This is, obviously, a bigger problem to solve. Lessig has called it a "generational" problem: pernicious money will take 30 years to eradicate, so we may end up cleaning up the country for our children. The size of the change doesn't make it impossible. It's a strategy problem, like every other: spend time and money at every power of ten, more where it's urgent and important, investing in R&D where a way forward isn't immediately obvious.

What does it mean to attack it at every power of ten? Simply:

  1. Fight SOPA when it's urgent. Well done, immediate crisis is over!
  2. Prepare to fight SOPA 2.0 and TPP and ACTA 2.0 and .... Until we fix Congress, there'll be more attempts to provide welfare for legacy distributors. Blackouts won't work. Get the holdouts (Facebook, Amazon, Twitter, etc.) to join in a sustainable coalition to oppose future fuckery. Obama's election was made possible by incredible tools for mobilizing voters; we need similarly evolved tools. Invest a little now so we don't have a cold start when the next bad bill comes along.
  3. Buy online. Be the change you want to see: use your wallet to feed the companies you want to succeed, don't spend with the ones who want to break your Internet. Low-priority but ongoing.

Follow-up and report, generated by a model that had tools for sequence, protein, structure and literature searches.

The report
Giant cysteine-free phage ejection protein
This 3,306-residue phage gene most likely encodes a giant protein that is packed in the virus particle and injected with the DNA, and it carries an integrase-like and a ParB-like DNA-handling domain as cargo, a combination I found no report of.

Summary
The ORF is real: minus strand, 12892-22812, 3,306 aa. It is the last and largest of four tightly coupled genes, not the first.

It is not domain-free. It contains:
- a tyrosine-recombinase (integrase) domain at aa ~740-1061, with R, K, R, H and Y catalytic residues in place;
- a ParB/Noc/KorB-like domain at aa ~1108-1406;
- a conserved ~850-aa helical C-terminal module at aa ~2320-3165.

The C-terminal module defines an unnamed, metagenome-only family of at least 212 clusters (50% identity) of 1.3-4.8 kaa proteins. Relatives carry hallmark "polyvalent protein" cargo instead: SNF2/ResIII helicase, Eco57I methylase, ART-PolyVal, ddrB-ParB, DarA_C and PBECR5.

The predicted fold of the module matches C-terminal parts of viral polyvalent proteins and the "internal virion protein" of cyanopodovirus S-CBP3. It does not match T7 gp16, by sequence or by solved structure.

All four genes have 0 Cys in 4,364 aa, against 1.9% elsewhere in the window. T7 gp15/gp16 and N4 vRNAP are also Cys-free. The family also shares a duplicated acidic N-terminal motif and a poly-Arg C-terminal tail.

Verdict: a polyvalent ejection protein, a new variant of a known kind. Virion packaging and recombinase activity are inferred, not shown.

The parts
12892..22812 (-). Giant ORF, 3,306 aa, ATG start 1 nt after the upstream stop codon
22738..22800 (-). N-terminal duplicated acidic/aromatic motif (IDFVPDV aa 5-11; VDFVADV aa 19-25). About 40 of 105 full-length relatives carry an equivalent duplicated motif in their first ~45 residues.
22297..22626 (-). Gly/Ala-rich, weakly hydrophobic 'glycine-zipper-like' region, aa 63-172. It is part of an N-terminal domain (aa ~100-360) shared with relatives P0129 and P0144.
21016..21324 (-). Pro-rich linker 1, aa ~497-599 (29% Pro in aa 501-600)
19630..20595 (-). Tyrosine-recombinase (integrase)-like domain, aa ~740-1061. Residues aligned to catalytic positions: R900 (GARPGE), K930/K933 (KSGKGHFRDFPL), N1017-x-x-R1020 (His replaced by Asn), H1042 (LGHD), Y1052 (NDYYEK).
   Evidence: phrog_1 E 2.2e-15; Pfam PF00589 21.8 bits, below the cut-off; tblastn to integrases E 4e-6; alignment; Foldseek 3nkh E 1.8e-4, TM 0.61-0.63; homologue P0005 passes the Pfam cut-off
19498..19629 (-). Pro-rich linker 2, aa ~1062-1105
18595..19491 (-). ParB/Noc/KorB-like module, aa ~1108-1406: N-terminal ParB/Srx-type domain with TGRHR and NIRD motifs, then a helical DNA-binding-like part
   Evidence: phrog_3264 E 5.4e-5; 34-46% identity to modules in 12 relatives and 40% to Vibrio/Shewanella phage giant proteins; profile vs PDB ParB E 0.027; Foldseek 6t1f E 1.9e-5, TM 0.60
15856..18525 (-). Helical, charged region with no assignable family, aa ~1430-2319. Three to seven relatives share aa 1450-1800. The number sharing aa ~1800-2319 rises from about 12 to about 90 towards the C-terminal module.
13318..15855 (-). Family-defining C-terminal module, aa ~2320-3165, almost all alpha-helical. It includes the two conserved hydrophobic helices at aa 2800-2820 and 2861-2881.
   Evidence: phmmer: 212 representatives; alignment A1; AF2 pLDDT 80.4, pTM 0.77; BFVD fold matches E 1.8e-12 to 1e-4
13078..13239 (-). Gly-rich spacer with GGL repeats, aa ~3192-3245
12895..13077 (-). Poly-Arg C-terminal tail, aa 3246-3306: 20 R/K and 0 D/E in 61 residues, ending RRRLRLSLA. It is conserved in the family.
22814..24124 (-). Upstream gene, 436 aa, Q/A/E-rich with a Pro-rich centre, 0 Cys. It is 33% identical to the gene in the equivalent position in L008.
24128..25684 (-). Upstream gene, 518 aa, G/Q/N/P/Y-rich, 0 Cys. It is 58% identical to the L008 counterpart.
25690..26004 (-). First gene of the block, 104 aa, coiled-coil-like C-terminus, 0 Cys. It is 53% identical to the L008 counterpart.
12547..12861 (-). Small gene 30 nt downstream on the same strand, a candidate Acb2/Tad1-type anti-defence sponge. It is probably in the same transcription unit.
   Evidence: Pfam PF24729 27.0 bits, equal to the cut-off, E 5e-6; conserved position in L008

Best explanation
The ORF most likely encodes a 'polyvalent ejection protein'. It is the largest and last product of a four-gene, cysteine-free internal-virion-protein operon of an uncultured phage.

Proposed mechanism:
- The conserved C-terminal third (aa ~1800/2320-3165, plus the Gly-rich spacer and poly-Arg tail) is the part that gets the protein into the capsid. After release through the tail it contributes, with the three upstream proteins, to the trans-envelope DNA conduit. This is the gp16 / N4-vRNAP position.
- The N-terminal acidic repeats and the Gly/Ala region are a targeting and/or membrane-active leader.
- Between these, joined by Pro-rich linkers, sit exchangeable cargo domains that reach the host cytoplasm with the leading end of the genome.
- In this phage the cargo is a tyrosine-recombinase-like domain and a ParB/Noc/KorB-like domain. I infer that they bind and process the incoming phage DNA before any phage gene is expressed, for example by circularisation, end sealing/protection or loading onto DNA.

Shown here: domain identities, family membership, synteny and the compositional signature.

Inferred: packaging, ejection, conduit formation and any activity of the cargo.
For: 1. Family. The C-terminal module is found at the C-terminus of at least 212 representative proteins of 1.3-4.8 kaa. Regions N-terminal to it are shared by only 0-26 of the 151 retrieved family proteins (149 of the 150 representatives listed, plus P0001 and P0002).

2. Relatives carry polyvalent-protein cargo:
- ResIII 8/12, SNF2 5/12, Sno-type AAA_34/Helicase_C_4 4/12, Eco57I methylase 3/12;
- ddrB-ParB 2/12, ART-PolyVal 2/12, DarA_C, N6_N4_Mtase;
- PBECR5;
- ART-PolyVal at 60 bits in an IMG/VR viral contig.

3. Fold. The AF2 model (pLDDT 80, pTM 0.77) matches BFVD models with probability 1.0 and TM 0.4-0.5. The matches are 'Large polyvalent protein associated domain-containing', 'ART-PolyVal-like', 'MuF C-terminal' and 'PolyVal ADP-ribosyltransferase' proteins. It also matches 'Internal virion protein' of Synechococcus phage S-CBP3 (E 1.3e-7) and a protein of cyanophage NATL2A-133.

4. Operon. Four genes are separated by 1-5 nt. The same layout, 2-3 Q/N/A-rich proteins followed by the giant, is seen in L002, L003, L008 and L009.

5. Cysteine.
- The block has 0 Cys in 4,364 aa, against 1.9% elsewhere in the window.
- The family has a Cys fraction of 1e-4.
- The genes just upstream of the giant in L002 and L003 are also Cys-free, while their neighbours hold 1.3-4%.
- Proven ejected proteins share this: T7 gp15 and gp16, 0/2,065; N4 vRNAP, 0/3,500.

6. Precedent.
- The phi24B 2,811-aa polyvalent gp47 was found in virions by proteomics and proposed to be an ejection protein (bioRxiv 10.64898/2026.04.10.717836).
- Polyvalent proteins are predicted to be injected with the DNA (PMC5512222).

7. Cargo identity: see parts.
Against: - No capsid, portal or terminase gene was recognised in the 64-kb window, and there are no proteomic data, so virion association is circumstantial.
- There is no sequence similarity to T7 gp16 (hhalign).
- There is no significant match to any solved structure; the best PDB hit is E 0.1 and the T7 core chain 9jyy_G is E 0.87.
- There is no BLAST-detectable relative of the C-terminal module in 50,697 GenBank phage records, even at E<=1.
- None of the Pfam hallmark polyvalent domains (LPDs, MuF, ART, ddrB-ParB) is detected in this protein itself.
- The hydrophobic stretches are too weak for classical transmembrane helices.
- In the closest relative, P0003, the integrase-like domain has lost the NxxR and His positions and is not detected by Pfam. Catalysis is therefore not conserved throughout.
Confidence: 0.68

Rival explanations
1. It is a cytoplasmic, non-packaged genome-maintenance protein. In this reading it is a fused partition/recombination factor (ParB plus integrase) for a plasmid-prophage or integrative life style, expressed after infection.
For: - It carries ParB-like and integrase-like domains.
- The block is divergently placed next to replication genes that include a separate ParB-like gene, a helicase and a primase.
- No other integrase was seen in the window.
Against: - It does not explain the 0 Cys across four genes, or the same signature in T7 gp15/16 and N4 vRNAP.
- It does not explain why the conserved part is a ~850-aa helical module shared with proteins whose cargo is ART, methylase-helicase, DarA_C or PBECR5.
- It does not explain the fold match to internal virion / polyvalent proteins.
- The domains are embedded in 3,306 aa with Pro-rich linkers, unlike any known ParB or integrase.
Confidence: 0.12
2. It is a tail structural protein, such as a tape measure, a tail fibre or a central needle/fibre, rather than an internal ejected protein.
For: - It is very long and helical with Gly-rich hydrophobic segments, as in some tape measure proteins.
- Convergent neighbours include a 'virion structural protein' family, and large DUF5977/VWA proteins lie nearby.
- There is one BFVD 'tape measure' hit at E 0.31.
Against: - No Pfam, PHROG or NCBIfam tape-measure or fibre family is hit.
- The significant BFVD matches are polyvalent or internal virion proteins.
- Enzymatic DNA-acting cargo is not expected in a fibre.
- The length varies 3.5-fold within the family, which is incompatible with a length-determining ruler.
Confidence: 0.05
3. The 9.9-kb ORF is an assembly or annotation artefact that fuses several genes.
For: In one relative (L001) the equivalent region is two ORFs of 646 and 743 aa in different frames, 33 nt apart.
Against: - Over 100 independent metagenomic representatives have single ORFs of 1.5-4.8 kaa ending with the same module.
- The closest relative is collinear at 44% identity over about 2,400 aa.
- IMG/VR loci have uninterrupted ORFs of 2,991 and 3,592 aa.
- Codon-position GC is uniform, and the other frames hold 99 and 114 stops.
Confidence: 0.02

4. Buy and read Lessig's new book Republic, Lost. He was ahead of the curve when he alerted us to problems with copyright law, and he's been ahead of the curve in his identification of corruption as an issue. This is research.
  5. Join rootstrikers or any other group working to eliminate the root cause of Internet-breaking legislation: corruption. At election time, give them money instead of making campaign donations.
  6. Invent the next thing we can all do which will bring us closer to change.

You'll notice I don't have "get Internet giants to lobby Congress" on my list. I'm sure they'll do that already, but I don't believe you can fight this fire with fire. They may need to lobby tactically, but strategically you fight fire by taking away its fuel or oxygen and that means taking obligation-creating campaign donations away from Congress.

If we don't do this, we'll keep scratching and crushing the fleas one at a time until we're miserable from all the bites. We need to zoom out a few powers of ten and clean house to solve the underlying problem.

Reposted bydatenwolf datenwolf

January 20 2012